In Search of the Perch Bonanza!

By Steve Weisman

Anglers will travel great distances on ice when it comes to chasing perch. In the Hawkeye state, one of the go-to places is the Iowa Great Lakes. Big Spirit and the Okoboji chain all have excellent perch populations. However, targeting these schools of meandering perch also means that there will be lots of fishermen – little towns of perch fishermen where ever the perch bite is on.

In many areas of Iowa, however, there is another perch bite that often goes on. It’s on lakes that “once in a while” take off and feature a perch bonanza. However, it changes each year, and it may only happen once every 5 to even 10 years.
So, how do you find these hotspots? After all, if you hear about it during the winter, it will most likely be on the back side by the time you get there.

Another good way is to check with the Iowa Department of Natural Resources, which has 16 fish management offices, responsible for ensuring quality fishing in Iowa’s lakes, ponds, rivers and streams. Biologists and technicians from these offices create fish habitat, accessible shorelines, improved water quality and much more. They are excellent resources for fishing information for anglers in their local areas. This map shows the districts (either a 7-10 county area or a section of the Mississippi or Missouri Rivers) each office manages:

One of the best ways is to monitor the fall fishing bite. Find out if any lakes in your area have had a good perch bite heading into ice up. For example, here in northwest Iowa, Silver Lake (Lake Park) is one of those lakes that has perch in it, but most years they are caught by accident, often by walleye fishermen. However, this fall it has been on fire for 10-12 inch perch with an occasional fish over 12 inches. Many of them have been caught by shore anglers. It’s been years since this has happened, and according to Mike Hawkins, DNR Fisheries Biologist at the Spirit Lake Hatchery, their netting has shown an excellent adult perch year class in Silver Lake. So, my guess is right after ice up, there will be perch fishermen on the lake.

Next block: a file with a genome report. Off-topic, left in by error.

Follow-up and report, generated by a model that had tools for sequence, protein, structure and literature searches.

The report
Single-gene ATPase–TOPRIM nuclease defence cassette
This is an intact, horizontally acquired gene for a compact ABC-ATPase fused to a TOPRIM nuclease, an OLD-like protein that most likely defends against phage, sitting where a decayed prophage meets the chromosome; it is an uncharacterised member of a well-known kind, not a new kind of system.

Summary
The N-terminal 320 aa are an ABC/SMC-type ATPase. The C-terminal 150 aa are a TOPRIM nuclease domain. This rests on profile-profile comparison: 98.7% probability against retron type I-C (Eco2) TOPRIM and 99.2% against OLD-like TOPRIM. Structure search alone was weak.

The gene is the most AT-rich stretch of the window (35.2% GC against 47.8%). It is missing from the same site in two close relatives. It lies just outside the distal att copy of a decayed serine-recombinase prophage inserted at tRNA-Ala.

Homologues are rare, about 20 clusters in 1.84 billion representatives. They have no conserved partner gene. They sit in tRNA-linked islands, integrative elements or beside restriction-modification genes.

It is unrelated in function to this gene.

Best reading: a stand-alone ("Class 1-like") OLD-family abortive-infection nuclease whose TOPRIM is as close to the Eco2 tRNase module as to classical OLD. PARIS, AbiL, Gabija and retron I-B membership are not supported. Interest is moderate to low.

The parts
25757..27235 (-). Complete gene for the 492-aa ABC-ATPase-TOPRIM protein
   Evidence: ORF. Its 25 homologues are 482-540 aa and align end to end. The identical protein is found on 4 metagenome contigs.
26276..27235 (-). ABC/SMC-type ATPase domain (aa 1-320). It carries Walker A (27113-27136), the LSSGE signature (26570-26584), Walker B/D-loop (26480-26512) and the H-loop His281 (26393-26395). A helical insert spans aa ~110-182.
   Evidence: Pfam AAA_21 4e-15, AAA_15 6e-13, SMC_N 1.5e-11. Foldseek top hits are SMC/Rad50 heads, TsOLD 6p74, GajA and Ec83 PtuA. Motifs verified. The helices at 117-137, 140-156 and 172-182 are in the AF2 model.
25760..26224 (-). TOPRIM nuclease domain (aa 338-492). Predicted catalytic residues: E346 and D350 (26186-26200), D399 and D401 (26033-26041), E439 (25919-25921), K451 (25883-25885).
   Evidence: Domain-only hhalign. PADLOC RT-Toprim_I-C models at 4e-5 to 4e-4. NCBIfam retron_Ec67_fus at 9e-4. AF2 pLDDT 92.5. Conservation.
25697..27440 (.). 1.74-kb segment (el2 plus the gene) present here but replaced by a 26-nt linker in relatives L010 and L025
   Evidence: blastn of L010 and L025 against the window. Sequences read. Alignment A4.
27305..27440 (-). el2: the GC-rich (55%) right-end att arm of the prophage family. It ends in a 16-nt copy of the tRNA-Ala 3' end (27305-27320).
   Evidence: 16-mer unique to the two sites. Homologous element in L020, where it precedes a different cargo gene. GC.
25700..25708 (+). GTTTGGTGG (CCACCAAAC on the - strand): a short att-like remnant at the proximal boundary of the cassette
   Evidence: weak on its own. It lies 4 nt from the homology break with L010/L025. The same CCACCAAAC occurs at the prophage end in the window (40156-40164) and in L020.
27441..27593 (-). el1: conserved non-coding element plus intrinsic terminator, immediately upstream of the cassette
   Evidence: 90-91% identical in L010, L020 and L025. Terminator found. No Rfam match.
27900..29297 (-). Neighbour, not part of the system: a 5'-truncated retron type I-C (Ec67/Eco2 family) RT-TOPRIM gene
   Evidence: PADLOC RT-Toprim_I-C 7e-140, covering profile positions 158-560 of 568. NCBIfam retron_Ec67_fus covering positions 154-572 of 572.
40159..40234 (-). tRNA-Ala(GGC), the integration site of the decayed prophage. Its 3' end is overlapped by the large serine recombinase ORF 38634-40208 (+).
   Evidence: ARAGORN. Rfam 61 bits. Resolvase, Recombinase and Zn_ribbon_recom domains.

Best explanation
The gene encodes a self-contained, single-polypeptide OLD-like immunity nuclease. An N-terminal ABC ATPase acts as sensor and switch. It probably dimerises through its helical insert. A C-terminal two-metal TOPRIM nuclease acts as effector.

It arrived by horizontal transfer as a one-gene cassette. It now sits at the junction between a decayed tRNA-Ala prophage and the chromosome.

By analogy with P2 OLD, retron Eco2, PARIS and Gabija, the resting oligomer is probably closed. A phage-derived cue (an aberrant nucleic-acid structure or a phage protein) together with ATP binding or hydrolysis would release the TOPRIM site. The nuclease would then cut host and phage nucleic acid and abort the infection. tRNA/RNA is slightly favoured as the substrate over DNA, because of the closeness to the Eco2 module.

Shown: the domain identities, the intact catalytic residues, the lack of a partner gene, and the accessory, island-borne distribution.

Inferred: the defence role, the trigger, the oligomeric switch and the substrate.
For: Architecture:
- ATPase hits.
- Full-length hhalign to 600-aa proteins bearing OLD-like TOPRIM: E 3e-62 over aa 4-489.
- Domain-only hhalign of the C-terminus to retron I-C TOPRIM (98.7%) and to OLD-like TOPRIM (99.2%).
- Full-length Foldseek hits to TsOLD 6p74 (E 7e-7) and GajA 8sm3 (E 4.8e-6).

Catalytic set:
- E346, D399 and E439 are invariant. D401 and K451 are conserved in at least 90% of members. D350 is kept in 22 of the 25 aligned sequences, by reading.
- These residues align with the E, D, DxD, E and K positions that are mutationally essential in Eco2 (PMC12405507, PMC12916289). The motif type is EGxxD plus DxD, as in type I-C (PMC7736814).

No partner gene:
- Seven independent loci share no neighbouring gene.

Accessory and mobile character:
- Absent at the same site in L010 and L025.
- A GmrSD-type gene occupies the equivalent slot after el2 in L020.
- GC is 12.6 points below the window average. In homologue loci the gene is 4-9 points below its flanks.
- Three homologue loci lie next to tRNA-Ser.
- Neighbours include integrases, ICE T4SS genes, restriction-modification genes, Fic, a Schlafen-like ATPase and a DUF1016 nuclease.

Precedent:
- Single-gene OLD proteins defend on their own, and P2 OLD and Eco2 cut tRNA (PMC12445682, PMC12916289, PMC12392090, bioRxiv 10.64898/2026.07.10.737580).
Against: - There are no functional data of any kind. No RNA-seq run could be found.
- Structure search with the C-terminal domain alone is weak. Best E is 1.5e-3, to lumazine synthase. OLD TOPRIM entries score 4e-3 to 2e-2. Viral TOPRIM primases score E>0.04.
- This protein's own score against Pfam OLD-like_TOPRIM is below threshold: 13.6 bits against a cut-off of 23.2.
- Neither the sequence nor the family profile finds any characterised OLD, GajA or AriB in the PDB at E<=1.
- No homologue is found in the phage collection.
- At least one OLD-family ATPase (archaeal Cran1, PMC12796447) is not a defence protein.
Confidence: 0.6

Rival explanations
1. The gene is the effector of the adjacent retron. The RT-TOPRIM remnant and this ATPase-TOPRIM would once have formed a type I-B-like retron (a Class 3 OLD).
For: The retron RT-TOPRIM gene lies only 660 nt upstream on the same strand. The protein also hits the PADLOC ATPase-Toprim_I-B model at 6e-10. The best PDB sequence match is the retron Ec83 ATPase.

Two recently renovated shallow lakes are Trumbull Lake near Terril and Virgin Lake near Ruthven. According to Hawkins, these lakes are probably a year away from producing nice perch, but it might be worth checking out.

North central Iowa
For Kevan Paul, fishing guide and Clam/Ice Team pro staffer, much of his winter guiding comes on Clear Lake. Of course, Paul targets the huge populations of yellow bass and the excellent numbers of walleyes, but at the same time, he believes the perch population on Clear Lake is getting better.

“This fall we have begun to see more perch. I think part of it is the weed growth that is occurring, which gives them protection and allows more of them to get to catchable size. When we worked the weeds this past fall, we caught lots of 7-8 inchers along with a mix of perch up to 9 inches. “

Paul also likes to target Bluebill Lake, which is located about three miles east of Clear Lake. “It’s just off of I-35, and it has an excellent population of nice sized bluegills, crappie and perch. Bluebill Lake is always a good change of pace if we want to try something different than Clear Lake.”

Paul also gives a suggestion for the future. Both Silver Lake and Rice Lake have been excellent perch fisheries in the past. “They have been renovated and have a pile of perch in both of the lakes. I can see these two lakes really taking off in a year or two.”

Central Iowa
Meanwhile, Rod Woten, Clam Pro Staffer and director of the Iowa division of the ice fishing circuit Team Extreme, targets all panfish. “If I am really going to go specifically after perch, I will head to the Iowa Great Lakes, when I will catch some nice perch when I am targeting bluegills.”

Two of Woten’s go-to lakes are Big Creek Lake, which is located just north of Des Moines and Brushy Creek, which is located 15 miles southeast of Fort Dodge.